The big stars of cycling: the race winners stand on the podium on the inevitable three steps, waving to the crowds, kissing podium girls, throwing bouquets around and spraying innocent bystanders with champagne. But the riders on the podium are only the most visible evidence of a pro team and now a book has come out that shines a bit of light on those that never end up mentioned, unless a chain breaks at a bad moment: the mechanics.
Guy Andrews' and Rohan Dubash's new book, “Bike Mechanic: Tales from the Road and the Workshop” is a welcome addition to the cycling library if only because it offers an unusual point of view. Well, it is also praiseworthy for the really good photographs, most effective in classic black-and-white, by Taz Darling. There are masses of books about celebrity racers and an impressive number that deal with famous bicycle brands or artisanal builders but nobody has had much to say about bicycle mechanics before. This book goes some way to addressing this gap but it might be better to consider it as a book about the management of the mechanical aspect of cycling. The structure of the book is unusual, with the opening section, “On the Road,” dealing with pro racing while the second section (“Hardware”) and the last (“the Bike”) move away from this to a nuts-and-bolts discussion (literally) of bicycle maintenance.
The first section, which makes up less than one-third of the book, includes excellent race photos as well as short accounts of life as a pro race mechanic. This is enjoyable and illuminating. We know that the racer gets the credit when the race is won but when the race is lost through a technical failure the opprobrium attaches to the previously-ignored mechanic. The book mentions two specific cases, both involving chains: David Millar's coming apart as he was about to commence what should have been a stage-winning sprint at the Vuelta; the 2010 Tour de France when Andy Schleck's jammed at a critical moment.
We learn that in the Good Old Days racers usually had only one bicycle and mechanics were freelancers who showed up at races. Today's mechanics are faced with pro teams that have upwards of 200 bicycles plus masses of spares to account for. Each racing bicycle is built to the idiosyncrasies of picky pros and the mechanics need to stay abreast of this. Then during the race itself the mechanics are either moving the big truck to the next stage location or sitting in a team car, preparing to leap out for a quick wheel change or on-the-fly adjustment. When the racing is done each day and the riders off for their massages, the mechanics are busy washing, lubricating and adjusting the thoroughbred machines in time for it all to be repeated the next day during a typical stage race.
The authors have included interesting snippets of interview with mechanics, some background on the arrival of Shimano components on the European pro racing scene, an examination of a typical UCI World Tour team service course (in this case the Omega-Pharma-Quick-Step one)--laconically described as the “team garage;” a vivid description of riding along with the neutral support mechanics of Mavic and Vittoria. There is an account of the huge team trucks and their valuable contents and a chapter on bike washing. For those who have not seen pro race mechanics in action after a race it is worth staying around for the show. This writer recalls seeing the mechanics at the HEW Cyclassics race in Hamburg hosing down expensive racing bicycles at top speed and stacking them in team station wagons as if they were firewood.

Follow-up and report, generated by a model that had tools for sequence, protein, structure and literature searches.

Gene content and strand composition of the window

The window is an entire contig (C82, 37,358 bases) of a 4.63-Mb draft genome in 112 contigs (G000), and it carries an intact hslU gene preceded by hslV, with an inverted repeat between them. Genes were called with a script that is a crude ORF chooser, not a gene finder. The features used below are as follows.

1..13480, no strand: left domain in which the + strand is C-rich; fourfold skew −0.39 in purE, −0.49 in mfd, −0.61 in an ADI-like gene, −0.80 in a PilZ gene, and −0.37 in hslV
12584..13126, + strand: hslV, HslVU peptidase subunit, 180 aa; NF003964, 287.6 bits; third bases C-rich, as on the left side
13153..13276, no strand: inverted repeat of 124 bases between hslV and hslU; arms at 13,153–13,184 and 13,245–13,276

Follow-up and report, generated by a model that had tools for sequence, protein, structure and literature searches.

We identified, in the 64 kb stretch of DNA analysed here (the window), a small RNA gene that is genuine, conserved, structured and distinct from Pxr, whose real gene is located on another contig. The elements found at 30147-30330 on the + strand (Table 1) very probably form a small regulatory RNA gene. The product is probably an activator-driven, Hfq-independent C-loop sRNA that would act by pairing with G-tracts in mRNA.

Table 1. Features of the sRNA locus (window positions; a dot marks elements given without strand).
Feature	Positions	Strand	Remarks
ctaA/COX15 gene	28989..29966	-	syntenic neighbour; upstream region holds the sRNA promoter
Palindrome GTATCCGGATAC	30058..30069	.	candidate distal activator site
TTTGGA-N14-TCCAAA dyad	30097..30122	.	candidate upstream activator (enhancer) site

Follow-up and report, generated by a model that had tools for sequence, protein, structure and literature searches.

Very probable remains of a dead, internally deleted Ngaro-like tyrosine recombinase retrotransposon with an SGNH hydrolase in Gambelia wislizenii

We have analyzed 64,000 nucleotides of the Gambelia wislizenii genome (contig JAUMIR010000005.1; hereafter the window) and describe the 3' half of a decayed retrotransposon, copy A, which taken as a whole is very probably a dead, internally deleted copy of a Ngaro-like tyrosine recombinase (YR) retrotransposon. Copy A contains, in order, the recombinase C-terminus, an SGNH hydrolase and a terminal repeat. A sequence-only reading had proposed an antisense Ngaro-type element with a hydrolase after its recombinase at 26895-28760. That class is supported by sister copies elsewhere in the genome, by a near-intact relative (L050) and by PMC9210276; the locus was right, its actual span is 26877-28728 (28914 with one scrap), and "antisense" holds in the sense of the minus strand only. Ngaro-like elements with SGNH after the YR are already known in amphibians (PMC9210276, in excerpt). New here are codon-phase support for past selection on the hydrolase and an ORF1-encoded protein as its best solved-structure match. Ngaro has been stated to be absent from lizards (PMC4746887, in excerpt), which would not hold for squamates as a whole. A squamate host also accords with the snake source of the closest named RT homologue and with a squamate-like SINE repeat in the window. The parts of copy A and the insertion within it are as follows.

The second section of the book moves us into the esoteric world of the bicycle workshop, with its range of specific-purpose tools. The photographs are the highlight of this section and even those with no mechanical aptitude will feel motivated to at least consider doing some work if one could only get one's hands on these beautiful items. Even tools that most of us will never use (head tube facing tools, anyone?) look irresistible here.
The last section of the book covers the complete bicycle and provides advice on how to maintain your mechanical steed in the same way that pros do. There are explanations and suggestions for everything from tire installation to cleaning in a clearly-written and well-illustrated fashion. However, this book is not to be confused with manuals with exploded assembly diagrams (thinking of Leonard Zinn's here) and for really specific instructions you need to go elsewhere.
So the book is a bit of this and a bit of that—and I would have loved more “Tales from the Road”-- rather than a comprehensive look at the experiences of bike mechanics or a how-two book for those aspiring to be one. But the modest goal set by the author is easily reached:
So this book is a collection of stories with some tips and hints that we thought be useful to amateur mechanics and road cycling enthusiasts alike. It certainly isn't comprehensive; there just wasn't space.....We hope it inspires you to get the workstand out.
The book is a joint venture between VeloPress and Rouleur so as always the publication is of very high quality and many of the photos approach art. With the cycling season coming to an end for many of us, this is an excellent read for dark winter evenings, fun to just browse through, and would be a fine gift for any cyclist, even one with or without a workstand.
“Bicycle Mechanic—Tales from the Road and the Workshop” by Guy Andrews and Rohan Dubash,
with photography by Taz Darling
270 pp., ill., paperback
VeloPress 2014, suggested retail price US$24.95
For more information on this and other cycling books, check out www.velopress.com